Over the past 20 years, hundreds of diseases have been linked to mutations in certain genes. A growing number of these mutant genes can now be detected via a simple blood test.
How much influence does your genetic makeup have over your health? What can you do if a hereditary ailment runs in your family? Who should undergo genetic testing.
For the answers to these and other questions, we spoke with Yale genetic counselor Ellen Matloff...
*To what extent is illness determined by "bad" genes? We shouldn't really call these genes "bad." We all have genetic mutations. Each of us is probably predisposed to at least one disease...whether it's cancer, heart disease, high cholesterol or a blood disorder.
Having a mutation that has been linked to a specific illness doesn't guarantee that you'll develop that illness. It just means you're at high risk.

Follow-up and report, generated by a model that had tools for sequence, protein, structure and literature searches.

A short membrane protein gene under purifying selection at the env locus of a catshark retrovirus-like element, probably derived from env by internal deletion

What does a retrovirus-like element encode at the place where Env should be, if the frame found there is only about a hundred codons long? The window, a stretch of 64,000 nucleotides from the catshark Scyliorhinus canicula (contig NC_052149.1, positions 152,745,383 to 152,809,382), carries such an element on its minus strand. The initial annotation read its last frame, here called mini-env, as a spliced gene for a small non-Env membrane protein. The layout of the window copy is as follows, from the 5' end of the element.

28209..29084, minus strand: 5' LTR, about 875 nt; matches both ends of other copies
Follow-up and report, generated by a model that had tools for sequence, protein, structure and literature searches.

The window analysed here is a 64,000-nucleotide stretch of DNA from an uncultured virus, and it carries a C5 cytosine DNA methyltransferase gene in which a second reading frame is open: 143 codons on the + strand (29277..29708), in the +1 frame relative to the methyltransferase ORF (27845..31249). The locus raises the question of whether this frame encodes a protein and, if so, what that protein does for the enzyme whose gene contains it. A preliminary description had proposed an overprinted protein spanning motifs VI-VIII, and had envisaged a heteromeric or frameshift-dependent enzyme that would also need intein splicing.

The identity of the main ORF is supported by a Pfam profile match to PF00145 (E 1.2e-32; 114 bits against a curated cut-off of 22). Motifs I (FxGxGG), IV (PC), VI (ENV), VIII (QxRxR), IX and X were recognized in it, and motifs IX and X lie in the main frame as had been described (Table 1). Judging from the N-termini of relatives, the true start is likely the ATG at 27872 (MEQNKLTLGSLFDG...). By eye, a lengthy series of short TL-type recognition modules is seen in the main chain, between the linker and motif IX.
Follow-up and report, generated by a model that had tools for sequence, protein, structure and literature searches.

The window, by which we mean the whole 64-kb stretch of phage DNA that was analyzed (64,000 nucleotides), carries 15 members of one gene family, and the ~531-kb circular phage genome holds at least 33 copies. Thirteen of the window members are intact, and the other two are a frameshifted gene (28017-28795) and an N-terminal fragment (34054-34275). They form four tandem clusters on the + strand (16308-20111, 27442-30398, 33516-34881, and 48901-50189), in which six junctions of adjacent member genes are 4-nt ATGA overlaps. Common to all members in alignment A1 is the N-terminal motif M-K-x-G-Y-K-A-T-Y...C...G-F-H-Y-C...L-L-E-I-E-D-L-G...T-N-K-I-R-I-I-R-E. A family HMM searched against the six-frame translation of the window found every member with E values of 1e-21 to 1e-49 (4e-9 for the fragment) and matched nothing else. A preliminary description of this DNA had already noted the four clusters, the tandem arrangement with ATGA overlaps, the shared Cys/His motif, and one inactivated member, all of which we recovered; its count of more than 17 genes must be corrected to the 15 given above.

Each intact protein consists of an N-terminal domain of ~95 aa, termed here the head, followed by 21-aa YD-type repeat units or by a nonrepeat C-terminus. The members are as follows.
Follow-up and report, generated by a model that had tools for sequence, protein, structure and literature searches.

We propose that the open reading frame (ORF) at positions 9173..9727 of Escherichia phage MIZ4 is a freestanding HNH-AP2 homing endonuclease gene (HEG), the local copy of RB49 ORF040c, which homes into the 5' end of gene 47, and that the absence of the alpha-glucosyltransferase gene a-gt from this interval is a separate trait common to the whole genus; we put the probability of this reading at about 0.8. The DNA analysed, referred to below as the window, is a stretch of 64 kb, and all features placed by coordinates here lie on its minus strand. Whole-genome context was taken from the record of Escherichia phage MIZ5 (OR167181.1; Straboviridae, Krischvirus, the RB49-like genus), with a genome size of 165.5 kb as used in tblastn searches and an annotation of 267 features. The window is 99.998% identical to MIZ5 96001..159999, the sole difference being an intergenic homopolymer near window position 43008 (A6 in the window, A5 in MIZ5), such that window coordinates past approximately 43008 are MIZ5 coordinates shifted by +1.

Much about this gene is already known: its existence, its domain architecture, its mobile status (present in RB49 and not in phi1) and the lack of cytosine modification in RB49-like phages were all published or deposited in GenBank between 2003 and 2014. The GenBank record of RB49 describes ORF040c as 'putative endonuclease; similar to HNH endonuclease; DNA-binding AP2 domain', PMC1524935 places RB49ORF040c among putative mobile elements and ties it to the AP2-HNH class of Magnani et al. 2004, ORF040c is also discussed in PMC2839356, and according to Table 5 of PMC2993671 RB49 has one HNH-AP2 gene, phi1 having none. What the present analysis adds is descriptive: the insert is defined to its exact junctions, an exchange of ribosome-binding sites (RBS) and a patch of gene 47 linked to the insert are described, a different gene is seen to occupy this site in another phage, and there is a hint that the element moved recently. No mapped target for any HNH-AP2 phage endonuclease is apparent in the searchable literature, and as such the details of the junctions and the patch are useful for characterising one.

In many cases, you can minimize the risk by adopting a healthy lifestyle...and by keeping an especially close watch on your health.
With some genetic defects, including those causing certain types of thyroid and colon cancer, risk of developing the disease in question can be close to 100%. That means anyone with the mutant gene who lives to age 85 is almost certain to develop the cancer unless the organ is removed...no matter what other preventive measures are taken.
With other mutant genes, the risk is less certain. If you have one of the recently identified genes linked to breast cancer, for example, you have an 85% chance of getting breast cancer by age 85. The general population of women face a 10% risk of breast cancer.
These mutations are also associated with a 50% to 60% lifetime risk of ovarian cancer (versus a 1% lifetime risk for the general population).
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